CAR T-cell therapy is changing the landscape of cancer care, but challenges for certain cancer types still remain.
At the 2019 School of Hematological Oncology, OncLive®, a sister publication of Oncology Nursing News®, sat down with David G. Maloney, MD, PhD, medical director of cellular immunotherapy at the Immunotherapy Integrated Research Center at the Fred Hutchinson Cancer Research Center, to discuss recent challenges in using CAR T-cell therapy for patients with diffuse large B-cell lymphoma.
The biggest issue we're facing right now is we need to get patients earlier in their treatment course. If you just analyze some of their results with ZUMA-1, which was using axicabtagene ciloleucel, or Yescarta, in that setting the patients who were in the lowest quartile of tumor burden had very high overall response rates, but they also had durable remission. So, their chance of being in remission was quite a bit higher at 1 year compared to the quartile that had the highest degree of tumor burden.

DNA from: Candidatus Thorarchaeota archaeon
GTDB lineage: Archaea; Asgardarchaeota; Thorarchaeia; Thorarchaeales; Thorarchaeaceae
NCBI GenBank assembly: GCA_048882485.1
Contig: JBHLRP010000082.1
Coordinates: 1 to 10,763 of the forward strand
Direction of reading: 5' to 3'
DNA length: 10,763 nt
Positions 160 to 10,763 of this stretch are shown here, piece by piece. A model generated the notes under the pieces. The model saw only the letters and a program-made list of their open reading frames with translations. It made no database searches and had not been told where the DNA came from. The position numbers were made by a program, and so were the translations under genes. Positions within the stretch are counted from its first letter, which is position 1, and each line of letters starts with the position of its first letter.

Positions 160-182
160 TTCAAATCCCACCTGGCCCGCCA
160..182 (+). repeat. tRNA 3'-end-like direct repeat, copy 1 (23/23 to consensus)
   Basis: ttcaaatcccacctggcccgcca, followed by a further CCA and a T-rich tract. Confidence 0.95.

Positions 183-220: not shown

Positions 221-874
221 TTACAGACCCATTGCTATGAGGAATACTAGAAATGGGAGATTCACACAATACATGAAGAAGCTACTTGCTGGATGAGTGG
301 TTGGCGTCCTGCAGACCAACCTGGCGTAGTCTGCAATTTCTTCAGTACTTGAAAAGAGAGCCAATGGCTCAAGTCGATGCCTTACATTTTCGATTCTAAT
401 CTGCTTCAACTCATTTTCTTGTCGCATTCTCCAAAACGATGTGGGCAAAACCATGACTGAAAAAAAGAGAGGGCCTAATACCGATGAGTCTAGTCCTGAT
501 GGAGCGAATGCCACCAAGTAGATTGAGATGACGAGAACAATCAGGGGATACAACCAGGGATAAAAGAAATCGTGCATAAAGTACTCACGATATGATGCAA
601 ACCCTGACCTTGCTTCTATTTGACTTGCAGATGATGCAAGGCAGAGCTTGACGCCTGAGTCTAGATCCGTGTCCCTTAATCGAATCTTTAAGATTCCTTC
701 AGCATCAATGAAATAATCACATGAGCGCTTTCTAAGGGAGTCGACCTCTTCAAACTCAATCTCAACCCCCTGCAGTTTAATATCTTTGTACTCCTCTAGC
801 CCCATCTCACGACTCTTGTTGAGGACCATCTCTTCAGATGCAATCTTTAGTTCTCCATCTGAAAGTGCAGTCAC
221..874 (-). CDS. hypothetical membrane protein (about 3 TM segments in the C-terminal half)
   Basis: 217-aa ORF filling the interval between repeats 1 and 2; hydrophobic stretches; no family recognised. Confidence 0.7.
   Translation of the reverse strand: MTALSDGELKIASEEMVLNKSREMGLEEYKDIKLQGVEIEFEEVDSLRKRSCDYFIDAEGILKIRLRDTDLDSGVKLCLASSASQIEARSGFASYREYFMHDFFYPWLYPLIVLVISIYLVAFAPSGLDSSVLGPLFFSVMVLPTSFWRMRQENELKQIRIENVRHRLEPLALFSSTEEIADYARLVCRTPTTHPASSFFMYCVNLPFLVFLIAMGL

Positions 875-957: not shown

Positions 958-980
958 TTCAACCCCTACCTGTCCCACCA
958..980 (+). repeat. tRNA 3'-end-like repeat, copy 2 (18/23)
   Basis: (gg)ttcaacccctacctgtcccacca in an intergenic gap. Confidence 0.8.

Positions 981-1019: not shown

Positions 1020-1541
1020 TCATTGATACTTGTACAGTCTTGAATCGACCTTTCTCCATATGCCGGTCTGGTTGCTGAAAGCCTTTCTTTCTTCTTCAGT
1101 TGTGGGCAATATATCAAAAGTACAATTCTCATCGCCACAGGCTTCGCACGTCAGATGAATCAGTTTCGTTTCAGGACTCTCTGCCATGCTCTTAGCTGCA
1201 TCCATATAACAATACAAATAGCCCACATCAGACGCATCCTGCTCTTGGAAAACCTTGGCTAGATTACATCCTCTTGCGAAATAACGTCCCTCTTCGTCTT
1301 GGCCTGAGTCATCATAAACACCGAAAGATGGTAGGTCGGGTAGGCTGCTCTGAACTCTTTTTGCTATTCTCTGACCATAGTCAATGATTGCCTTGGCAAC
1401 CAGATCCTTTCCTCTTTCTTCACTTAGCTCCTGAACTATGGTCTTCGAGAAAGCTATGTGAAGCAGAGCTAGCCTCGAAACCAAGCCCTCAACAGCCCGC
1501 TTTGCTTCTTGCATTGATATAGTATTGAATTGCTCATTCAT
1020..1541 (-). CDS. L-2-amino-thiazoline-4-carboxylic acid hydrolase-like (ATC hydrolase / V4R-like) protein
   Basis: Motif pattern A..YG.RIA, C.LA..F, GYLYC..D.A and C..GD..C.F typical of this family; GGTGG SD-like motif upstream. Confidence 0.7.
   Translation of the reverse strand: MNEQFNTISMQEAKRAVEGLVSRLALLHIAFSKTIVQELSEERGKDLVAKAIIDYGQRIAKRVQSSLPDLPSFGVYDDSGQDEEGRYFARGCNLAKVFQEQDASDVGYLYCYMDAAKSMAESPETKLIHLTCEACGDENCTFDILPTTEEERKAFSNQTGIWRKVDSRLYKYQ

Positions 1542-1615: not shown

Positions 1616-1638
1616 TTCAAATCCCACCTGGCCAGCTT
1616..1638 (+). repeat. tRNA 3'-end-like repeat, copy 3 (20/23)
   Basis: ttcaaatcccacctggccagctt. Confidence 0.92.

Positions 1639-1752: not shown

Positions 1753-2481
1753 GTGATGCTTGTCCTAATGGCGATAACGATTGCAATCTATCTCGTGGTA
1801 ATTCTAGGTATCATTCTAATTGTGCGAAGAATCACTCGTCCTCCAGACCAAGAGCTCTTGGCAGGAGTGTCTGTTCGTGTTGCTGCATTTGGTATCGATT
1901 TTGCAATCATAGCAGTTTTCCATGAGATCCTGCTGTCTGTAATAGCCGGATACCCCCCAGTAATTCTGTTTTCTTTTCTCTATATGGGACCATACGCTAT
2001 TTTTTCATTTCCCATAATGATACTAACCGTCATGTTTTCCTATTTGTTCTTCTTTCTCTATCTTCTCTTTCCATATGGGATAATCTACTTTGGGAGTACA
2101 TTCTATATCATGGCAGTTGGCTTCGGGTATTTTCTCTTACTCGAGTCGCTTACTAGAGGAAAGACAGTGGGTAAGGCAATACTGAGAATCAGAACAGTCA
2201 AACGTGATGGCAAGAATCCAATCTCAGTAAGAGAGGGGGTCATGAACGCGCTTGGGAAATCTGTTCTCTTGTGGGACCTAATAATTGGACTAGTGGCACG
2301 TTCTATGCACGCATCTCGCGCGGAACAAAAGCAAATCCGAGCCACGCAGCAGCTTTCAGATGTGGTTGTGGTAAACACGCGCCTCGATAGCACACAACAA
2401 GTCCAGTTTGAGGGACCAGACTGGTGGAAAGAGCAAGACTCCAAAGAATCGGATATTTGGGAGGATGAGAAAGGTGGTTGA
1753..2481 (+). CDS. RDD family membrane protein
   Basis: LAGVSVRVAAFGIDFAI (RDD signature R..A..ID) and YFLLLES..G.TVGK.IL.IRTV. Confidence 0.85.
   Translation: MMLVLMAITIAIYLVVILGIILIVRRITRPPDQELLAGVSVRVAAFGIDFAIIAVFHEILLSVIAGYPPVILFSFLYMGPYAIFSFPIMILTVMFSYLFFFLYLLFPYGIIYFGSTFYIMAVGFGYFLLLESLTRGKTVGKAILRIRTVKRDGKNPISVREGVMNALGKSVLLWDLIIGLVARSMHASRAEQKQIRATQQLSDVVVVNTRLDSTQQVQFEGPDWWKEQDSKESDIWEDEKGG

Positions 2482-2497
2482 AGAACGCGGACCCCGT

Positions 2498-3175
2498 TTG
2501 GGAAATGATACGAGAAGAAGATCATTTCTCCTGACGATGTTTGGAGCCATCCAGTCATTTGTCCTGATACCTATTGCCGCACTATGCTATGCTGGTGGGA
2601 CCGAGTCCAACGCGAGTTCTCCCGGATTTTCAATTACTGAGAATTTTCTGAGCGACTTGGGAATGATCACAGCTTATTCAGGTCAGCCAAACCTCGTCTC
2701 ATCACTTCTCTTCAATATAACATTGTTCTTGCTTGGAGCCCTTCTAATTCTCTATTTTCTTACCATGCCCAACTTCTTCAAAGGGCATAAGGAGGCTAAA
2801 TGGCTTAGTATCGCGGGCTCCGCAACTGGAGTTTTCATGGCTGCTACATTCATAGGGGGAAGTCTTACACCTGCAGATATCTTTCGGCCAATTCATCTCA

At the same time, those patients have less toxicity. They have less serious cytokine release syndrome and less serious neurologic toxicity. So just by trying to find patients earlier before they failed every possible option or even getting the patients into better disease response before, they come to CAR T cells can greatly improve the outcome.